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Year : 2011  |  Volume : 14  |  Issue : 1  |  Page : 23-25

Traumatic abdominal wall hernia secondary to motorcycle handle bar injury

1 Department of Surgery, University of Port Harcourt Teaching Hospital, Port Harcourt, Nigeria
2 Braithwaite Memorial Specialist Hospital, Port Harcourt, Nigeria

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R S Jamabo
89 Victoria Street, PMB 6185, Port Harcourt
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Source of Support: None, Conflict of Interest: None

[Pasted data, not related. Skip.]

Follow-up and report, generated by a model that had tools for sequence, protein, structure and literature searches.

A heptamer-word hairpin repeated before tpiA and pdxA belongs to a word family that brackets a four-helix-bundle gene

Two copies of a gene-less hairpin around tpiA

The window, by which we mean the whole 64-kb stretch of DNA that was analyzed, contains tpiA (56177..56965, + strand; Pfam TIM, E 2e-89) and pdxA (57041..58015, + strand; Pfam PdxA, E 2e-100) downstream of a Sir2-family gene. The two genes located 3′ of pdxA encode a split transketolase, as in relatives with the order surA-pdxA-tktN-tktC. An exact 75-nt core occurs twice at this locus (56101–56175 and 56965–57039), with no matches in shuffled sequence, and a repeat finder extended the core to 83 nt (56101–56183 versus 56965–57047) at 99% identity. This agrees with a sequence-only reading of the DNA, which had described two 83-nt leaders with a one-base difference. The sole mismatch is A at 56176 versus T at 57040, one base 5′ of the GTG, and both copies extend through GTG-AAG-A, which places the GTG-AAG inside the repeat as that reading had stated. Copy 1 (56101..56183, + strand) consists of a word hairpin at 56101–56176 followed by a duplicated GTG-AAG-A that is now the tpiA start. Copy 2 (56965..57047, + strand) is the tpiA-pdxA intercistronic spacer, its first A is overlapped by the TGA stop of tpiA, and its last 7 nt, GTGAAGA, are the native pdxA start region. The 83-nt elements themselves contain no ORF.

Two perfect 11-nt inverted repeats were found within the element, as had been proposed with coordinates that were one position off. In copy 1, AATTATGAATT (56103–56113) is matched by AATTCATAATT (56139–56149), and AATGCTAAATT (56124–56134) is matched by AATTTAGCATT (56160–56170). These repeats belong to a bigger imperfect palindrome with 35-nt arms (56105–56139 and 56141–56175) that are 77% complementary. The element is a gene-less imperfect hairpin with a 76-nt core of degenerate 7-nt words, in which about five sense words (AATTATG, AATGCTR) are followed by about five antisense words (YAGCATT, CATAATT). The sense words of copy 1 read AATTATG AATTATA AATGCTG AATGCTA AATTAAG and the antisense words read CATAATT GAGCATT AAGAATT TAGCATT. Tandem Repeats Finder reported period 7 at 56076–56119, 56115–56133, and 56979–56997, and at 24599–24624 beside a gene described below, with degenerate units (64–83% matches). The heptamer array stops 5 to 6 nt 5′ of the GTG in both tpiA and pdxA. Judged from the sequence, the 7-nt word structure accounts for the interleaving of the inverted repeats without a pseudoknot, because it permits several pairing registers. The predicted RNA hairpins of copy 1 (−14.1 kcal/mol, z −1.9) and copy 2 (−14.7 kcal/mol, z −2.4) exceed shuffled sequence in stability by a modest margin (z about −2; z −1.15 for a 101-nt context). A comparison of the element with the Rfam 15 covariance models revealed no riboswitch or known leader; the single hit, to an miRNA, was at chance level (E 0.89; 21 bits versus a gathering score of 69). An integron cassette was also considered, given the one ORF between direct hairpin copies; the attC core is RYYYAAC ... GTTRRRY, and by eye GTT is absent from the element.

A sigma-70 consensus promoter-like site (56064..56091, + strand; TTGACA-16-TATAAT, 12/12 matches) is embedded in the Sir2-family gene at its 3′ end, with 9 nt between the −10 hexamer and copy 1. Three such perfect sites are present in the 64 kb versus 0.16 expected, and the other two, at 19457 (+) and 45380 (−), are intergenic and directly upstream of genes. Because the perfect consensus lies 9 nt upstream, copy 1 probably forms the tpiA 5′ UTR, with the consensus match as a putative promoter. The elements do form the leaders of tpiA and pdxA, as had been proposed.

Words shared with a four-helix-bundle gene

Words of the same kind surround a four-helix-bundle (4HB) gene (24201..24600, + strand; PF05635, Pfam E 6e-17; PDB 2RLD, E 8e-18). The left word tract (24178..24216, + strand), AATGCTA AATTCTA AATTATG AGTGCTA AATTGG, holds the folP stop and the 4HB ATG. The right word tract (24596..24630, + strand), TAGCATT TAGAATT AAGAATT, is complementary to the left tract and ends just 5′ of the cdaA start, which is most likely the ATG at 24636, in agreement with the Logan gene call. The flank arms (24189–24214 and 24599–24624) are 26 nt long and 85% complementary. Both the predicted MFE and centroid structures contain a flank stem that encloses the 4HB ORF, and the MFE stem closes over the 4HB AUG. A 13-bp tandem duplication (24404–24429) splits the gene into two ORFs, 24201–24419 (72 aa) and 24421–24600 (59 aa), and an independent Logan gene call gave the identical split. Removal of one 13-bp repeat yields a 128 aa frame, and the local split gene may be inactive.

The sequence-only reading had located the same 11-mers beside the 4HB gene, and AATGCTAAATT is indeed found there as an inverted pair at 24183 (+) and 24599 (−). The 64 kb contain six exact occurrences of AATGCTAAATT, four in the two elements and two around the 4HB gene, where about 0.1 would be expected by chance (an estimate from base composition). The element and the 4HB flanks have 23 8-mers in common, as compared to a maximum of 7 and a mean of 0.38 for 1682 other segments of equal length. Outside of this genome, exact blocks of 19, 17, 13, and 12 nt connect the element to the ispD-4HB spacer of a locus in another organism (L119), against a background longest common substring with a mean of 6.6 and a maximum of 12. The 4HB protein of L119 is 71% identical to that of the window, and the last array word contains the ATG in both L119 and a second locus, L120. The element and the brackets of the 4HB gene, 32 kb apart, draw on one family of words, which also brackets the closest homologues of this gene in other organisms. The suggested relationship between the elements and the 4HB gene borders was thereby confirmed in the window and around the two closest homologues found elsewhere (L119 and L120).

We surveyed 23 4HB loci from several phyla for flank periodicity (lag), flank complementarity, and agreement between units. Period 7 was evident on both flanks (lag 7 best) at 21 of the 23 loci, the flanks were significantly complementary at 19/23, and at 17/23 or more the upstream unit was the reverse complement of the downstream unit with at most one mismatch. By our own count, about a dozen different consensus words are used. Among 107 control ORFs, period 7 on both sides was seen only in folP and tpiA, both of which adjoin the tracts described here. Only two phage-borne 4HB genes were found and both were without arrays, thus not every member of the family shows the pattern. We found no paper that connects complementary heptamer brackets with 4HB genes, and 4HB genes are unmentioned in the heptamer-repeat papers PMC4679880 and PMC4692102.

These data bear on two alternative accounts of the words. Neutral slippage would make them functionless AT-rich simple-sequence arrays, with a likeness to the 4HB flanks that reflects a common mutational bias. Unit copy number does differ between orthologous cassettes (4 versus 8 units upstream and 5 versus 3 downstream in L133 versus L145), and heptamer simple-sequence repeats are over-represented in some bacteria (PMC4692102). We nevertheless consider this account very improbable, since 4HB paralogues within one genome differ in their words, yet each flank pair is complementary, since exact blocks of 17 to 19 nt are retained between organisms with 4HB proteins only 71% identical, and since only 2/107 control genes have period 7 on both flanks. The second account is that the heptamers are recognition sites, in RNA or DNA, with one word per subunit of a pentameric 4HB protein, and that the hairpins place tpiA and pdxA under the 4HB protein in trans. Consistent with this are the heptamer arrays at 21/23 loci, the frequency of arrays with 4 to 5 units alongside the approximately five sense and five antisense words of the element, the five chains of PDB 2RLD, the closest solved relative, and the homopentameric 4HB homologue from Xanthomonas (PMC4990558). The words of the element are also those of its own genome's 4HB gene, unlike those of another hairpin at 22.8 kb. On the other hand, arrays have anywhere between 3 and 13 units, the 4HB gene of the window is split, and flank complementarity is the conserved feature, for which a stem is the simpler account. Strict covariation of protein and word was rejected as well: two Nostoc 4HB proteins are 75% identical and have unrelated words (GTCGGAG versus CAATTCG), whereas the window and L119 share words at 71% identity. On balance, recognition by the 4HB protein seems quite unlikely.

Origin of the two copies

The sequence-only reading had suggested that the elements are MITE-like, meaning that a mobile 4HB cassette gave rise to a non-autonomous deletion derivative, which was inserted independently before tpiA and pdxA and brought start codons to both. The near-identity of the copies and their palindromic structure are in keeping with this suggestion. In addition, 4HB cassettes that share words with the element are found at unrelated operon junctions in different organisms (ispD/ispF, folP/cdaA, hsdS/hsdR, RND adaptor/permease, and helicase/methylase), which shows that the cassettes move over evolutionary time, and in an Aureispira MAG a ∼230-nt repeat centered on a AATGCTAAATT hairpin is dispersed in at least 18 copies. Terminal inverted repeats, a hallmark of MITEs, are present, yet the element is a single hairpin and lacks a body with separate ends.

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Background : Until recently, motorcycles became major means of transportation in Nigerian cities because they are cheaper than cars and buses to engage. Unfortunately they are responsible for several road traffic accidents causing various types of injuries including blunt abdominal injuries. Although they have long been withdrawn from the roads in most cities in Nigeria, they are a menace in the cities where they are still operating. Aim: To report 13 cases of traumatic abdominal wall hernia as a result of blunt abdominal injuries secondary to motorcycle accidents, their management and the outcome of their management. Patients and Methods: As recorded in the Accident and Emergency departments of two tertiary hospitals in Port Harcourt - University of Port Harcourt Teaching Hospital and Braithwaite Memorial Specialist Hospital, 2472 patients who had blunt abdominal trauma following motorcycle accidents were seen and treated between 2005 and 2010. Out of this number, 13 patients were admitted and treated for suspected traumatic abdominal wall hernia. Their demographic data, treatment and treatment outcome were retrieved from their case notes. Results: There were 13 cases of suspected traumatic abdominal wall hernia, who were admitted for emergency exploration. There were 10 (76.9%) males and 3 (23.1%) females with a male/female ratio of 3.3:1. The patients aged between 26 and 56 years. The mean age at diagnosis was 40.6 years. The presenting symptoms were related to the road traffic accident and the impact of the handles of the motorcycle on the anterior abdominal wall. They are abdominal pain, severe bruising of the abdominal wall, herniation of abdominal contents and scrotal haematoma. Eleven (84.6%) cases were diagnosed correctly pre- operatively while 2 (15.4%) cases were diagnosed during surgery. Conclusion: We recommend a high level of clinical suspicion for traumatic abdominal wall herniation in all patients with traumatic abdominal wall injuries. It is instructive that the area be explored with primary repair of the hernia and other tissue planes of the abdominal wall.

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